In addition to designing the Morris Mini, Alec Issigonis is credited with coining the phrase “A camel looks like a horse that was planned by a committee”. I can’t think of a better way to describe the guards that were standard equipment on table saws sold in the United States from the 1970s until new UL standards took effect in 2007. What was wrong with the old guards? Nearly everything, as the first few minutes of this video demonstrate. The newer guards, such as the one in the photo at right are a huge improvement; they can be removed and put back on quickly without needing tools, they have an effective riving knife, and the anti-kickback pawls can be removed. They are a lot like the guards on European saws.
The question of the day is why did we have to put up with such bad guards for so long? To answer that, we need to take a look at how our current system for regulating safety works. Those of you reading from outside the United States can feel free to pour yourself a cup of tea, a glass of wine, or open a bottle of real beer and smugly say, “those crazy Americans”. There is a lot of talk about proposed government regulations for table saw safety, but at the present time, our government has little to do with it. The Occupational Safety and Health Administration is responsible for safety in the workplace. Unless your table saw is in a commercial shop and you have employees, OSHA has nothing to do with you. In the workplace, OHSA defers to requiring that the guards described in the Underwriters Laboratories Voluntary Standards be in place.
UL isn’t connected to the US government, put it’s an extremely powerful organization. If you want to sell a product that plugs in and spins sharp things around, you need UL approval or you won’t be able to buy liability insurance. You need the insurance because sooner or later someone will sue you if they get hurt, and your product is even remotely connected to the injury. When standards for table saw guards were adopted, UL decided to form a committee to write the rules. That sounds reasonable, but who should be on such a committee? As it happened, a group formed of representatives of table saw manufacturers developed the requirements for guard systems that a generation of woodworkers found unworkable. Because the rules appeared to be imposed from outside, manufacturers had no reason to innovate or develop better guards, or even use systems that had been developed in the US and abandoned, like riving knives. They were following the rules, and that was that.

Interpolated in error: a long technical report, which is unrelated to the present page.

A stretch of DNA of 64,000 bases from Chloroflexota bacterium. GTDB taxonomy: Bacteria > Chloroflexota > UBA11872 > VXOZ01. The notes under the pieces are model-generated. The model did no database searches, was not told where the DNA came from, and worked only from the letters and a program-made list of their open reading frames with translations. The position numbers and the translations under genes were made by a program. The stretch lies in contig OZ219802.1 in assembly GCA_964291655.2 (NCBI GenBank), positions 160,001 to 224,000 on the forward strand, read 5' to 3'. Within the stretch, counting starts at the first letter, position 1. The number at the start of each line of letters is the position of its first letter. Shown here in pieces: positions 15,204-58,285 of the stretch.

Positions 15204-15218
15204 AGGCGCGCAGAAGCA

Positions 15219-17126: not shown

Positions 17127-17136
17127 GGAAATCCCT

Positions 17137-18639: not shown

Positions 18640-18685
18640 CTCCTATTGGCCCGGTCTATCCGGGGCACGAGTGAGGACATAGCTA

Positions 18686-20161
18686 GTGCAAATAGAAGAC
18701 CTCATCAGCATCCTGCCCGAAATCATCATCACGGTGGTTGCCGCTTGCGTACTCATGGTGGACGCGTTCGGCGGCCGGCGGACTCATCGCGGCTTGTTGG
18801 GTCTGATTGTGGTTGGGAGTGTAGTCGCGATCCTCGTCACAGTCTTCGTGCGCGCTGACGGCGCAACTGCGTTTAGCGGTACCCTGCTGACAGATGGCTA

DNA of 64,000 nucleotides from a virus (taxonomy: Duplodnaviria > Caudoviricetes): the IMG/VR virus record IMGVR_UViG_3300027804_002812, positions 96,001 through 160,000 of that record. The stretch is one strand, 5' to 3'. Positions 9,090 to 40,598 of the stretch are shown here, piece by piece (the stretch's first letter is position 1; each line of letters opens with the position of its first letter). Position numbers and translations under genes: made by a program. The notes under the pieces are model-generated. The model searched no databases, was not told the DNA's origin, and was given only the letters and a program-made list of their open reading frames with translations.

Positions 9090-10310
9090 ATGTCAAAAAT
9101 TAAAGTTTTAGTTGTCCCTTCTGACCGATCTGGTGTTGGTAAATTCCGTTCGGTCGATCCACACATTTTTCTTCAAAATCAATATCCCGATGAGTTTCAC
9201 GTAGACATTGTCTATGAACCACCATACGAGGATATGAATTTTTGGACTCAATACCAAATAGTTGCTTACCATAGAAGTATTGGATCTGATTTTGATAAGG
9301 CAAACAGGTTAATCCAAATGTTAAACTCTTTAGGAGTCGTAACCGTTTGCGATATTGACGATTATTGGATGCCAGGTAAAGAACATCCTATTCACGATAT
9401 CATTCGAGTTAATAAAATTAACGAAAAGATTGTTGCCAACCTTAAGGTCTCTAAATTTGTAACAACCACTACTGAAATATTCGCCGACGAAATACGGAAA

The Consumer Product Safety Commission, which is a government agency became interested in table saw injuries in the late 1990s, just before the introduction of the SawStop. CPSC looked to UL to re-examine and possibly improve the standards. In December of 1999 CPSC called for a meeting with representatives of the Power Tool Institute. The summary from PTI is typical of the manufacturers view of guards “The splitter/spreader guard is the most appropriate for common wood cutting and is the industry standard.” “PTI believes the current spreader guard is the best possible guard for most thru (sic) cuts. Education is the only way to affect the injury hazard patterns seen. Education, not redesigning the guard, is needed to convince the operators to use the blade guard.” Note: documents regarding this are on the CPSC website. Whether by design or coincidence, this line of reasoning was and is a typical defense in product liability suits regarding table saws. The saw came with the industry standard best-available guard, you took it off and didn’t put it back on, and then you got hurt.
Experienced woodworkers knew the guards were junk, and those of us who had seen European guarding systems began to ask why did they have such good guards on that side of the ocean. One of these woodworkers, Kelly Mehler became involved in working with UL to improve our guarding systems. If you like the new guards better than the old ones, Mehler is the guy to thank. So where do we go from here? PTI says give the new guards a chance, but CPSC appears to be leaning in the direction of requiring something more. I’ve worked in shops that had signs posted that said “Safety First”, and I wish that everyone involved in this mess would work on that principle. That’s what we should be talking about, not corporate profits, winning and losing lawsuits, or how to write the rules to favor one business over another.